Armadillos and Old Lace sees Kinky, unusually, leaving New York for Texas, where he investigates a series of deaths of elderly ladies, while in The Love Song of J. Edgar Hoover, a wife—in what Kinky recognizes as one of the most stereotyped of thriller devices—asks him to find her missing husband and starts him off on a complex inquiry that takes him to New York and Chicago. In Roadkill, he sets out to save an old friend from a Native American curse, while Blast from the Past, as its title suggests, returns to his younger days in New York, recalling his transformation from country singer to detective and the origins of his "Village Irregulars," McGovern, Rambam, and Ratso. Spanking Watson pursues the theme of the Village Irregulars when Kinky tries to find out which of the three would best serve as his Dr. Watson by asking each of them to find out who wrote a death threat to the teacher of the lesbian dance class that practices in the room above his loft; the writer of the threat is Kinky himself—but he then discovers that the teacher is really under threat from another, unknown source.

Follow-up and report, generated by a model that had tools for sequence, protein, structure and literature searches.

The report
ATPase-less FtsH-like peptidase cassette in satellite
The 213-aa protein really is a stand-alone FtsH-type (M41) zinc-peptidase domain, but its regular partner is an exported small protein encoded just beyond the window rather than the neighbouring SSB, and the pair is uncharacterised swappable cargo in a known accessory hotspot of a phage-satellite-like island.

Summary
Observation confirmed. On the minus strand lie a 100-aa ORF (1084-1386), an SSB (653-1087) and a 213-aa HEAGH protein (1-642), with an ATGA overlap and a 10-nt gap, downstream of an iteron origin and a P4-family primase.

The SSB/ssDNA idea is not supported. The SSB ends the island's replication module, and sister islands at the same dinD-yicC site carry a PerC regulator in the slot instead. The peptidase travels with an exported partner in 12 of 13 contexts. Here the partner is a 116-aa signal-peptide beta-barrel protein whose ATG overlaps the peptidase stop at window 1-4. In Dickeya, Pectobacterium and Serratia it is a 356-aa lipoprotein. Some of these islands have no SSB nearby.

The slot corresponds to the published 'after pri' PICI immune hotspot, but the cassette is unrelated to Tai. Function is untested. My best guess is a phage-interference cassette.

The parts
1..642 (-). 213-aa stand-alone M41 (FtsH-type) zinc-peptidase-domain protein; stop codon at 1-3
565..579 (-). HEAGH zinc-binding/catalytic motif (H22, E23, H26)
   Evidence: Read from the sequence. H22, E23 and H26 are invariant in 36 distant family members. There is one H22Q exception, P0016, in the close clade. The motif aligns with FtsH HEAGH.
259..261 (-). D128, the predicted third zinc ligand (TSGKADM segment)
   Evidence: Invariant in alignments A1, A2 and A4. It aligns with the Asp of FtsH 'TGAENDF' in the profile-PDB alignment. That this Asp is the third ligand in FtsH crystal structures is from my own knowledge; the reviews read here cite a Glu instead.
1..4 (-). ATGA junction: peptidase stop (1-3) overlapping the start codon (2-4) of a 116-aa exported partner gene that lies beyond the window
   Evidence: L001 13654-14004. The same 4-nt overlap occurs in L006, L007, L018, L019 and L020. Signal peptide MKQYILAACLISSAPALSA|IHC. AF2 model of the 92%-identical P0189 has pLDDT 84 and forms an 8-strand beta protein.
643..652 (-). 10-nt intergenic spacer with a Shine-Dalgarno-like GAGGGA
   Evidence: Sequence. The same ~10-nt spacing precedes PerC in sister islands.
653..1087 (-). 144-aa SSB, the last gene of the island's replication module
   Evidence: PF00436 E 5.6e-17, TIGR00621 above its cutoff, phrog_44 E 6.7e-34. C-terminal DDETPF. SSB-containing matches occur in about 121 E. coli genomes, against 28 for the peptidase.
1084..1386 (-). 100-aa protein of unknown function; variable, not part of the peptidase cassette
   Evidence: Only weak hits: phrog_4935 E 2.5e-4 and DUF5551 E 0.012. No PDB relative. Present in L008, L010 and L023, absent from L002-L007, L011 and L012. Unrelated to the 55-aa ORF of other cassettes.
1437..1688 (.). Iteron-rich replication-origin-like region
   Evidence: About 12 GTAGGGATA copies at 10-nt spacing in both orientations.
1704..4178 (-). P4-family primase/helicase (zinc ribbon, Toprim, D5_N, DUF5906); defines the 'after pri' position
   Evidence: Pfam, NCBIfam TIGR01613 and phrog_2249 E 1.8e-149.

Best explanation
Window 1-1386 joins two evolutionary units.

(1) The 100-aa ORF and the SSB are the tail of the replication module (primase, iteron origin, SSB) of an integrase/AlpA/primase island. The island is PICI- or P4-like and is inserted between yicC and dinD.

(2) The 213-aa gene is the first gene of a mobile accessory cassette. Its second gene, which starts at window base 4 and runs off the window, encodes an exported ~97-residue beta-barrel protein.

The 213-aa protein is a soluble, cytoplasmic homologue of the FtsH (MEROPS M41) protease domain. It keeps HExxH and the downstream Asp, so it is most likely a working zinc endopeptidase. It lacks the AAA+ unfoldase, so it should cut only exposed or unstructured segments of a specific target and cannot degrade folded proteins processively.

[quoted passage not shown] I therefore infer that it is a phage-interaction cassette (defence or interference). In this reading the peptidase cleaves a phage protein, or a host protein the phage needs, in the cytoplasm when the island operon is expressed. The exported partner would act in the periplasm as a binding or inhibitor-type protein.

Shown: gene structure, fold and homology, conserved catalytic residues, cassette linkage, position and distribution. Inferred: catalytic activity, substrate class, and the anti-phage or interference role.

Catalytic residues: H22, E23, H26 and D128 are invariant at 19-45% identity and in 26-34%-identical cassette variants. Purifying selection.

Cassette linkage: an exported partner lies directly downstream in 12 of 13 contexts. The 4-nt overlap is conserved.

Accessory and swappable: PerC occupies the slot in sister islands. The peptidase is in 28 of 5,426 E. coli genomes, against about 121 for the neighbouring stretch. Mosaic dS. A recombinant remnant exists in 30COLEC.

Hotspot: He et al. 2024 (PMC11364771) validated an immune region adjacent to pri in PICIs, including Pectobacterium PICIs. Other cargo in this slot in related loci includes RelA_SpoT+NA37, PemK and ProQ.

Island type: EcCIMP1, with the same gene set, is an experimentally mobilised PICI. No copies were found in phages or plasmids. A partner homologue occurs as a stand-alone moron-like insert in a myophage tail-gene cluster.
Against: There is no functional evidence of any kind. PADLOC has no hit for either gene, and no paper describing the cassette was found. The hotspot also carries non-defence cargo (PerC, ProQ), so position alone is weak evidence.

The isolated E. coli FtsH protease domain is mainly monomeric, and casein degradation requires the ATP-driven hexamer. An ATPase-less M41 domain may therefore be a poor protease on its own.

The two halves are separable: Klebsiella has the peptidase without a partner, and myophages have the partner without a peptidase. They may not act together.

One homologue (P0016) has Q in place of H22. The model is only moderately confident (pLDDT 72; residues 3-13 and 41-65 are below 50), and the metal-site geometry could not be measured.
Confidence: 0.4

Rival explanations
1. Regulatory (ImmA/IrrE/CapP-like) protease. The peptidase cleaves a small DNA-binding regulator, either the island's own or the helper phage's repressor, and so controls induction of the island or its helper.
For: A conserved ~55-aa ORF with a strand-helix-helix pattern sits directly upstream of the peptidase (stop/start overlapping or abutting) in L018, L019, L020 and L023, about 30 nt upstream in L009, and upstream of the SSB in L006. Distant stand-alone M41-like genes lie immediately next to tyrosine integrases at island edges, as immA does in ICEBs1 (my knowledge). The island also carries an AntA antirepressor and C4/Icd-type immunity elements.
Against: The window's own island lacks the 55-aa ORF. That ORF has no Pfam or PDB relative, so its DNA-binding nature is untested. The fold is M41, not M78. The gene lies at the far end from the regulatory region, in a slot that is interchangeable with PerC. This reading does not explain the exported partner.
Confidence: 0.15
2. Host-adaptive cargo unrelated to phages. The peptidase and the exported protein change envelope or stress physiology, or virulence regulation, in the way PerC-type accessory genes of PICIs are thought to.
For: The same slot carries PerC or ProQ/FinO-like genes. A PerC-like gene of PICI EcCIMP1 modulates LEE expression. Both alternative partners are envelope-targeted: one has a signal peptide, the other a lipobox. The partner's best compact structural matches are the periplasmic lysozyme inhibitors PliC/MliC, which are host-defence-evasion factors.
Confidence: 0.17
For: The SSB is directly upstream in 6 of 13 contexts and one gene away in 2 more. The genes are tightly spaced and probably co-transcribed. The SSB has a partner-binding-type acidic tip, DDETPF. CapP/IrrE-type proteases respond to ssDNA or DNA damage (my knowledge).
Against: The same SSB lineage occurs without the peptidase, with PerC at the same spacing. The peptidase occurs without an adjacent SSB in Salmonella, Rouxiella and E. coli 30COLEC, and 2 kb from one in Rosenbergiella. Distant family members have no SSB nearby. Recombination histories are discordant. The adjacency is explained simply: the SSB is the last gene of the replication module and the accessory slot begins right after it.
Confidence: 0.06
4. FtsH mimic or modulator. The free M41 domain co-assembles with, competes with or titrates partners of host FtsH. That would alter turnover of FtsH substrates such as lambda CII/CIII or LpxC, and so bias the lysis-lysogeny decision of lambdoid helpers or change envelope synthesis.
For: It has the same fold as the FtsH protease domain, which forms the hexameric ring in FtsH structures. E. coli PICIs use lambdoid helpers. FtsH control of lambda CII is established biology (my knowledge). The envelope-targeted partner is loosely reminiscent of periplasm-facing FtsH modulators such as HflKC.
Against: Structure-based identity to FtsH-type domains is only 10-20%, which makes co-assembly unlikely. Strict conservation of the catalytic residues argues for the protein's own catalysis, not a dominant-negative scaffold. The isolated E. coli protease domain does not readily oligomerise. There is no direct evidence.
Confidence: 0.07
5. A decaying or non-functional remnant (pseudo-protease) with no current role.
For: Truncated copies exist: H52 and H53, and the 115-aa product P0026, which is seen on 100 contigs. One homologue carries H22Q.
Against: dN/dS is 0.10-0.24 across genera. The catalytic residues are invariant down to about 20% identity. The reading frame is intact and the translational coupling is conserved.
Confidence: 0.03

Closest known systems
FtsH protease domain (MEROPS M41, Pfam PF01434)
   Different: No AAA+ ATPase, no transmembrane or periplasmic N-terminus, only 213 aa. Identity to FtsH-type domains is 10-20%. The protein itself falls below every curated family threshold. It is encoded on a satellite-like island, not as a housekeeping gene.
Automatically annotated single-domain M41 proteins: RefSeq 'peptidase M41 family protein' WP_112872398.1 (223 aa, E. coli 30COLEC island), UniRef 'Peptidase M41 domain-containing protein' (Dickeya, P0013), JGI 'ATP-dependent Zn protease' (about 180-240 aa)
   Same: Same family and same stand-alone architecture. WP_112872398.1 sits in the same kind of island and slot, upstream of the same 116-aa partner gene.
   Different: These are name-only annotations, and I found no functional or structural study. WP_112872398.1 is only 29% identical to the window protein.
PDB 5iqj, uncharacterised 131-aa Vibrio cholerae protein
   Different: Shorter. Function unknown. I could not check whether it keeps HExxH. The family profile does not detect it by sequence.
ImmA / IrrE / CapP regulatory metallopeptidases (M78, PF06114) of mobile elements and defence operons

Friedman's fiction is not to everyone's taste. His novels are carried on his persona rather than on their plots, and the plots are not, in themselves, compelling—indeed, they can sometimes seem to be simply a pretext for the display of Kinky's personality. The other characters in his novels are very much refracted to us through that personality rather than emerging in their own right. Readers who find the personality engaging will enjoy the novels; others may find it oppressive or offensive. But there can be no doubt that Kinky Friedman has put an inimitable stamp upon the mystery thriller of the 1980s and 1990s and has acquired a devoted following. It remains to be seen whether his future work will continue to play variations on his well-established formulae or develop in new directions.